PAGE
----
Cincinnati outfielder Ryan Ludwick (left) puts his arm around manager Dusty Baker during a playoff game last season. Baker suffered a mild stroke last year and has altered his lifestyle for health reasons. (The Tribune / MCT Direct Photos)
Cincinnati outfielder Ryan Ludwick (left) puts his arm around manager Dusty Baker during a playoff game last season. Baker suffered a mild stroke last year and has altered his lifestyle for health reasons. (The Tribune / MCT Direct Photos)

Archived Story

Baker changes lifestyle after health scare

Published 2:06am Tuesday, February 19, 2013

GOODYEAR, Ariz. (AP) — Red manager Dusty Baker has watched his diet and gotten plenty of rest, the main changes in his lifestyle since his health scare late last season.

Baker was in a hospital in Chicago when the Reds clinched the NL Central title last season, getting treatment for an irregular heartbeat and a mini-stroke. He was back in time for the playoffs, which ended with a first-round loss to San Francisco.

The 63-year-old manager acknowledged that he wasn’t feeling all the way back to normal when he returned to the dugout.

“I didn’t really know how to feel,” Baker said. “All I know is I wasn’t myself, but I was better than most.”

After the Reds were eliminated in a five-game series, Baker returned home to California and had more tests. He’s made a few changes in his lifestyle.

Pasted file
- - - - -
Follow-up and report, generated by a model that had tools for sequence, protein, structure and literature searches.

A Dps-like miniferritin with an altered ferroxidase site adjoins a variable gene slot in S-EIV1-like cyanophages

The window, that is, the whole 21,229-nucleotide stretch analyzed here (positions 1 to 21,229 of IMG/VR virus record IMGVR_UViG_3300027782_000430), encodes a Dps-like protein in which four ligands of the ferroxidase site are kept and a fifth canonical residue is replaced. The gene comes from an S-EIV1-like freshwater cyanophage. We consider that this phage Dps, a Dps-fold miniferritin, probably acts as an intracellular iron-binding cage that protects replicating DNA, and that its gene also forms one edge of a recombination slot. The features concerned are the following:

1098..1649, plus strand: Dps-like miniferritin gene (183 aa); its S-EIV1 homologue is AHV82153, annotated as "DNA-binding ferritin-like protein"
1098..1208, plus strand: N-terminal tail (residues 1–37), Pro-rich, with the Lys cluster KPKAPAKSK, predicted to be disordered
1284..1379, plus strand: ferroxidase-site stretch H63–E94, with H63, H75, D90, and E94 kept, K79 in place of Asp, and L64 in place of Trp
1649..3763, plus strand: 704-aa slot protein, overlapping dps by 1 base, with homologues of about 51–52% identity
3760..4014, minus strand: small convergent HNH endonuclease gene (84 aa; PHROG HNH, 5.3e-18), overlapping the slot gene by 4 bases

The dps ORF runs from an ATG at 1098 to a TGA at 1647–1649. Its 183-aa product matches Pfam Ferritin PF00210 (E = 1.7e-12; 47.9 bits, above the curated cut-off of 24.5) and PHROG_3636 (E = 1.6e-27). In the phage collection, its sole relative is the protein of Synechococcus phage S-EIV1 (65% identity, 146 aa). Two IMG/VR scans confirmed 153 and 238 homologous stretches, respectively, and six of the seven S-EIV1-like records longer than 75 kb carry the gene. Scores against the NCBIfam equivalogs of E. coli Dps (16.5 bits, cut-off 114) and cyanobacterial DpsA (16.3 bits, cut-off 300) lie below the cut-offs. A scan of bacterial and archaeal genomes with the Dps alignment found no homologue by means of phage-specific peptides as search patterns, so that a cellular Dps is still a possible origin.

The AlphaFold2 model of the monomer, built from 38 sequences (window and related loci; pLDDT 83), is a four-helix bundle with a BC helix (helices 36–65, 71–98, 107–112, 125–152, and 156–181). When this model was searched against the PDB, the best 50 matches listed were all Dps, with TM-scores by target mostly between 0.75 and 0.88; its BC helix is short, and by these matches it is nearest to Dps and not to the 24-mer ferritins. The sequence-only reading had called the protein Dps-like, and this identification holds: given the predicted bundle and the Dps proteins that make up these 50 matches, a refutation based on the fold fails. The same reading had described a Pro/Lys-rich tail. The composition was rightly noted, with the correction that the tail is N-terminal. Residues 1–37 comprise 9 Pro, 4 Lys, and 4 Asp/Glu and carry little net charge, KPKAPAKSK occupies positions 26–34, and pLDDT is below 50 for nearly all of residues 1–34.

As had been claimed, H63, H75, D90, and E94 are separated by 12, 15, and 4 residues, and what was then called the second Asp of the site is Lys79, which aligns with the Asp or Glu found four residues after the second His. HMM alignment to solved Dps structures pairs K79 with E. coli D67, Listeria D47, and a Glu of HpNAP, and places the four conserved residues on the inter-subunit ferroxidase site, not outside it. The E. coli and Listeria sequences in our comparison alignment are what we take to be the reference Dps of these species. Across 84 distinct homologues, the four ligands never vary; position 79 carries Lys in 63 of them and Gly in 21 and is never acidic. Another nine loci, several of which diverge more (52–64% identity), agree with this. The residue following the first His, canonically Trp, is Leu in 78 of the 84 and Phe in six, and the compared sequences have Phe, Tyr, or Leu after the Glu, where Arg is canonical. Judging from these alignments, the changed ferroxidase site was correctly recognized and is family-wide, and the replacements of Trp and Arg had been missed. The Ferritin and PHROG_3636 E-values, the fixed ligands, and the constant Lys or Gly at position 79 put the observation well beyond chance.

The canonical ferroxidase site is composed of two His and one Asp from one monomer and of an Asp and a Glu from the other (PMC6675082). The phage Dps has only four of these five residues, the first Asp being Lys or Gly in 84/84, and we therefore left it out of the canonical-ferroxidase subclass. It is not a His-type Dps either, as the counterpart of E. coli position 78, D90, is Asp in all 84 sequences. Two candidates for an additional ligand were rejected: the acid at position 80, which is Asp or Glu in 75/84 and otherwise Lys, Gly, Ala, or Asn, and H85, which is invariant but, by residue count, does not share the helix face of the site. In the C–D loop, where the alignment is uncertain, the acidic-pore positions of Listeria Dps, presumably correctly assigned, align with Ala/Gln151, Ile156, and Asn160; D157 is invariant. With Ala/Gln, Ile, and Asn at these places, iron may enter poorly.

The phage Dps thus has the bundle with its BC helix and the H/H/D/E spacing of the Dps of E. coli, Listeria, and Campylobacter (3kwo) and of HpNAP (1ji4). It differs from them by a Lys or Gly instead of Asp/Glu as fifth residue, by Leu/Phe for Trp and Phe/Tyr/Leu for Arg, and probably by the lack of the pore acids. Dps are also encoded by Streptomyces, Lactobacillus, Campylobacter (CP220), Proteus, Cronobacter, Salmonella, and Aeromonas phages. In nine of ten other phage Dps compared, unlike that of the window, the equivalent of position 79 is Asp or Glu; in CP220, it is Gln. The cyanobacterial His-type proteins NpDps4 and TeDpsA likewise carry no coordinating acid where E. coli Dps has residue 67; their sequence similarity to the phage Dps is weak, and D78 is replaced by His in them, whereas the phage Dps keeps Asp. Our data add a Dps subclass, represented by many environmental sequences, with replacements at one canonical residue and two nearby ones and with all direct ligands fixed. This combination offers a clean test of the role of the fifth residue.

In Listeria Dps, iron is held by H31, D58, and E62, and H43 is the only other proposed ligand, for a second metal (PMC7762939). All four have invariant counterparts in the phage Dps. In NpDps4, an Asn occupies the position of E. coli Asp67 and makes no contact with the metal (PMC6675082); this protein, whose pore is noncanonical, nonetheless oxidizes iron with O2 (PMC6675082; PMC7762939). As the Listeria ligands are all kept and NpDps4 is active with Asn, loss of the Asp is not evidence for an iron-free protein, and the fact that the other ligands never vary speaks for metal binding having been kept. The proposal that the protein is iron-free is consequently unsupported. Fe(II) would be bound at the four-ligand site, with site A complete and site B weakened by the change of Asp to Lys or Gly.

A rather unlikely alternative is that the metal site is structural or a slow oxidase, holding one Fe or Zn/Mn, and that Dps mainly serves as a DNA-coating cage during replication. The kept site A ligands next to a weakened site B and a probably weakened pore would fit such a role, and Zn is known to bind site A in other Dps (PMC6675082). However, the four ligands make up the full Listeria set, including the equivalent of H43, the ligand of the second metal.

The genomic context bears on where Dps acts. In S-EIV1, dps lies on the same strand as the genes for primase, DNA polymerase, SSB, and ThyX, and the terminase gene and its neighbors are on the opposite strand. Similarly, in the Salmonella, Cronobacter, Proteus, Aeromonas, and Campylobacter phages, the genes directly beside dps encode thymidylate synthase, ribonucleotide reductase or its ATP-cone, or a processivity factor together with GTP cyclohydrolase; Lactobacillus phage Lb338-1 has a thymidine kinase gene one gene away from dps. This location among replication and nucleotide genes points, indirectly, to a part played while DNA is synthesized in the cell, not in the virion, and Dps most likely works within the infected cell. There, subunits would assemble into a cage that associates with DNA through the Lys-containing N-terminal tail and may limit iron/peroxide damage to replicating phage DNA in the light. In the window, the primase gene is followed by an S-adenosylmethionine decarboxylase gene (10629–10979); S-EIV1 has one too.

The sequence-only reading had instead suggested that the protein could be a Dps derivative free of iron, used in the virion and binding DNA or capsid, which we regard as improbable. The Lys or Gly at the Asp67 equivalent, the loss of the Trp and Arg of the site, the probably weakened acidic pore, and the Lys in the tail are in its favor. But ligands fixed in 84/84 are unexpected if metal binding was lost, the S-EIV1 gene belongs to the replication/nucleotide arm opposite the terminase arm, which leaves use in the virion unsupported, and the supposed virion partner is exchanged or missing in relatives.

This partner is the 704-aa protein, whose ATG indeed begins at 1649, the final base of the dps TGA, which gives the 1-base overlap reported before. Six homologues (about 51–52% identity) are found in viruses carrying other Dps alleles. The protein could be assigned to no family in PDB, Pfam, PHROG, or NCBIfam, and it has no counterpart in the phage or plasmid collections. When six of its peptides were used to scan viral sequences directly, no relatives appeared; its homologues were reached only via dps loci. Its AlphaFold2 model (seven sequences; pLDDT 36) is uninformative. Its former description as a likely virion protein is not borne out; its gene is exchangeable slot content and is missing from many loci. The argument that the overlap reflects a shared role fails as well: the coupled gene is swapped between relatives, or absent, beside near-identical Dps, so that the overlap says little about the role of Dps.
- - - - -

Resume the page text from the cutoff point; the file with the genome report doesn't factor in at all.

“I always took care of myself, but now you’re really aware of what you eat, how you sleep and stuff like that,” Baker said. “I lost weight by being sick but once you do lose weight by being sick, it’s up to you to keep it off. I didn’t really change what I eat but I eat less of it.”

He works out every day, makes sure he gets enough rest and tries to manage the stress of his job. He said the toughest part of the offseason was living in an area with so many fans of the Giants, who overcame a two-game deficit to beat the Reds and went on to win the World Series.

“Everywhere I went there were Giants caps and Giants jackets,” Baker said. “So many people came up to me and said, ‘I root for you unless you play the Giants.’ After a while, you say, ‘Come on.’ You don’t get over it that fast.”

Baker had surgery for prostate cancer in 2001, but had been otherwise healthy. He said the most difficult part was being in the hospital at the end of last season, when the Reds clinched the division title at home. He also found it tough to have his 14-year-old son, Darren, visit him.

“It was hard to be in bed then,” Baker said. “It was hard to have my son see me in bed. My son had never seen me sick at all. I was sick — I had cancer — but he was 3 years old. I never saw my dad sick — only at the end. My dad never missed a day of work. I didn’t think my dad got sick. I thought the flu skipped over our house.”

Owner Bob Castellini awarded Baker a two-year contract extension at the end of last season, giving the manager a chance to try for his third division title with the Reds.

“I appreciate Mr. Castellini giving me an extension when he didn’t have to,” Baker said. “I appreciate my team. I appreciated how they reacted and responded.”

Baker said he doesn’t worry about his health.

“There isn’t much that scares me,” Baker said. “I’m really not scared of dying. I am scared of leaving my son and my wife.”

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